Melodies exploring the connection of Soul and God
“Let me lose myself in this golden city,
Amongst the golden sand dunes,
And the melody of the folk tunes,
To be intoxicated with the spirit of music”
In India, real talent is found in the dingy by-lanes, in the Old cities, and in this case, it’s hidden in this medieval city of Jaisalmer, and its golden sand dunes.
The artist, Bagga Khan, fondly known as Bagge, belongs to the famous Manganiyar community of Rajasthan. Manganiyars are Muslim communities in Sindh and Rajasthan areas and are famous for their classical folk music. They are the groups of hereditary professional musicians, whose music has been supported by wealthy landlords and aristocrats for generations. In 1978, Jodhpur-based musician Komal Kothari provided the Manganiars with institutional support, allowing them to sing outside the state for the first time. Currently, several Manganiar groups tour internationally. Bagga Khan(49) has been in Jaisalmer ever since he was 20 and members of his community were have been singers in the royal court since centuries. Their music genre mainly comprises of Bhajans and Sufi songs, which are based on verses composed by various mystics like Meerabai and Kabir.
Played on simple instruments like “Tandura” (a five-stringed instrument resembling Veena) and Harmonium, Bagga Khan’s songs speak about humanity and love. Most of these songs are composed in “Chautaal” or a 4 beat cycle. According to Bagge Khan, they experiment with various ragas like “Bhairavi”, “Surth”, “Jog” without losing out on the essence and spirit of the song.
As Bagge Khan quotes the famous poet Bulle Shah “Love is of two types, one is the unending love for Allah and one is the love which we share with each other”. And this love can be best expressed through music, as Shakespeare said: “If music is the food for love, Play on”.
While explaining why music is the most powerful thing in the world, Bagge Khan says that even the highest King, will bow down to the power of music and shake his head with the rhythmic melody of a song. The whole conversation with Bagge Khan reflected his passion towards folk music, which has been a tradition in his family since centuries, and his group members wish that their future generations also carry forward this tradition. So far, Bagge Khan has performed in many places in India and abroad but cites Kolkata as his favourite city to perform in India, and Paris if we talk about the western counterparts. These performances are the main source of income for him and his family.
“Maan khero laavo leeje, mili nahi baaram-baar”
Life as a human is precious and one should use it to the fullest, as “life as a human” is granted only once.
As Bagga Khan and his group start singing, they lose themselves in a trance, a trait, which is often seen in passionate and skilled artists. Music, as Bagga Khan says, is a devotion. And one who has the knowledge of “shabd” (wisdom) by Guruji, can attain every possible thing in this universe. Bagga Khan’s eyes are filled with passion and love for his art, and he believes that humanity is worthless without humanity, he firmly believes that God gives you a “life as a human” only once. He and his group members take pride in their cultural heritage and would like their upcoming generations to carry on their traditions. While music is the primary source of livelihood for him, Bagga Khan also speaks that there should be an emphasis on technical education for the young generation, owing to the depleting demand of these folk artists.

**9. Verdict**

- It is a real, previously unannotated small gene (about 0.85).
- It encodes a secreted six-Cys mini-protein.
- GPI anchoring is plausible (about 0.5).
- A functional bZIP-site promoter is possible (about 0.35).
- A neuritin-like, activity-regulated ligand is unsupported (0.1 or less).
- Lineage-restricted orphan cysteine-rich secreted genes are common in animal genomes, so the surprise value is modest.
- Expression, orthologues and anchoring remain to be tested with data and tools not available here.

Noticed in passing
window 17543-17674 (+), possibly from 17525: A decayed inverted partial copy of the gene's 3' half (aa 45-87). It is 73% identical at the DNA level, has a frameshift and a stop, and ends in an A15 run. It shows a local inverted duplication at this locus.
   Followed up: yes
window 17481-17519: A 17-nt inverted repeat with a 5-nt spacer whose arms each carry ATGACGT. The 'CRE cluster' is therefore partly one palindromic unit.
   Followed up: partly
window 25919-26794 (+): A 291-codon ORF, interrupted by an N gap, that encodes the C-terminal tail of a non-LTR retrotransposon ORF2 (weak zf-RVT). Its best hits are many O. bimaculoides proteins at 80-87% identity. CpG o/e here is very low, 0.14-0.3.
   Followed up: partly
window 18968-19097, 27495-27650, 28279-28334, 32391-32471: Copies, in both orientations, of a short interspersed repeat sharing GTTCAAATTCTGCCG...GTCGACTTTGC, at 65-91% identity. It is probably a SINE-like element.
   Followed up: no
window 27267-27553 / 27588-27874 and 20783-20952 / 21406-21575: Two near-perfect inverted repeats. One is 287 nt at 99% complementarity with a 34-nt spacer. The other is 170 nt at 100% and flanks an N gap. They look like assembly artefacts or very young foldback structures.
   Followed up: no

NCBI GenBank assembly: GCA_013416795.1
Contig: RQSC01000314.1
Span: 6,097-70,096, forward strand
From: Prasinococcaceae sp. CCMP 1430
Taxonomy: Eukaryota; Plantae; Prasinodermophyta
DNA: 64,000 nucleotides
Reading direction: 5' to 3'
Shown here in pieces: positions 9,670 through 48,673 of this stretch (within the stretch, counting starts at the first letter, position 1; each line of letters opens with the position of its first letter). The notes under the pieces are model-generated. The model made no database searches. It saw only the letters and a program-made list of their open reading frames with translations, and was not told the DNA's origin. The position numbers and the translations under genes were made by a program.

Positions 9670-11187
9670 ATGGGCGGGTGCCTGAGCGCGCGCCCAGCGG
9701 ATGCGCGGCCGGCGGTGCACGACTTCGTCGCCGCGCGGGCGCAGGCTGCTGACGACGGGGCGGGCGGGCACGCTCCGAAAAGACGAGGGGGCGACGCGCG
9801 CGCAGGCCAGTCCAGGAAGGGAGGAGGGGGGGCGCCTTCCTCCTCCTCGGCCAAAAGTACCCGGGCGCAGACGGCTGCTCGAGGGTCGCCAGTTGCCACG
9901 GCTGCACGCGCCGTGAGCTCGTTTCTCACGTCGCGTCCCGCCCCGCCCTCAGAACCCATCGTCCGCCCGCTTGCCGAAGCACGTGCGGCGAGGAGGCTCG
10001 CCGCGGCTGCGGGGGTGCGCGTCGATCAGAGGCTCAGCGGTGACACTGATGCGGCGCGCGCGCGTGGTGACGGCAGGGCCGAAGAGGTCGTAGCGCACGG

Even though Bagga Khan is a Muslim, he has been singing devotional bhajans dedicated to Hindu Gods since a very young age. His music is beyond religious boundaries and the possibilities are unfathomable.
As Bagga Khan tunes his “Tandura”, a five-stringed instrument closely resembling veena, he is joined by his group members, Thane Khan on Harmonium, Mushtaque Khan on Dholak, and Prabhu ram and Dev Ram as accompanying vocalists. Music is a coherent factor which binds them together, and their songs speak volumes about human compassion, living and a spiritual way of life.
“Paapi milijo pachaas, nuguru miljo mate”
Fifty sinners are better than a person without a mentor (or a person who is headstrong).
Bagga Khan’s songs have a special emphasis on the possession of knowledge or “shabd” provided by the “Guruji” (God). In one particular song, based on Kabir’s couplets, Bagga Khan talks about how fifty sinners are better than a person who does not have a mentor or a guru. The relationship between a God and his disciple is a tender one nourished through sharing and spreading the knowledge wisely, and one should keep doing deeds which are as pure as diamonds and emeralds.
Even though Bagga Khan and his group member’s lives hasn’t been very smooth, yet, there is always an expression of contentment on their faces. Such content and satisfaction come through the pursuit of true passion and their devotion to their art. Their music group is invited to sing by the Royal families on all auspicious occasions in their palaces, ranging from childbirth to marriage. Bagga Khan and his group have set a milestone in the realm of classical folk music in India, and moreover, they are an ideal example of how music is free from the boundaries of caste, creed, culture and religion. Music is something which connects the soul to mind and recognises Godliness in every living being.
These golden grains of Jaisalmer and are interspersed with musical talent in every nook and corner, amongst the other aspects of the social fabric of the city as well as the “Living fort” of Jaisalmer.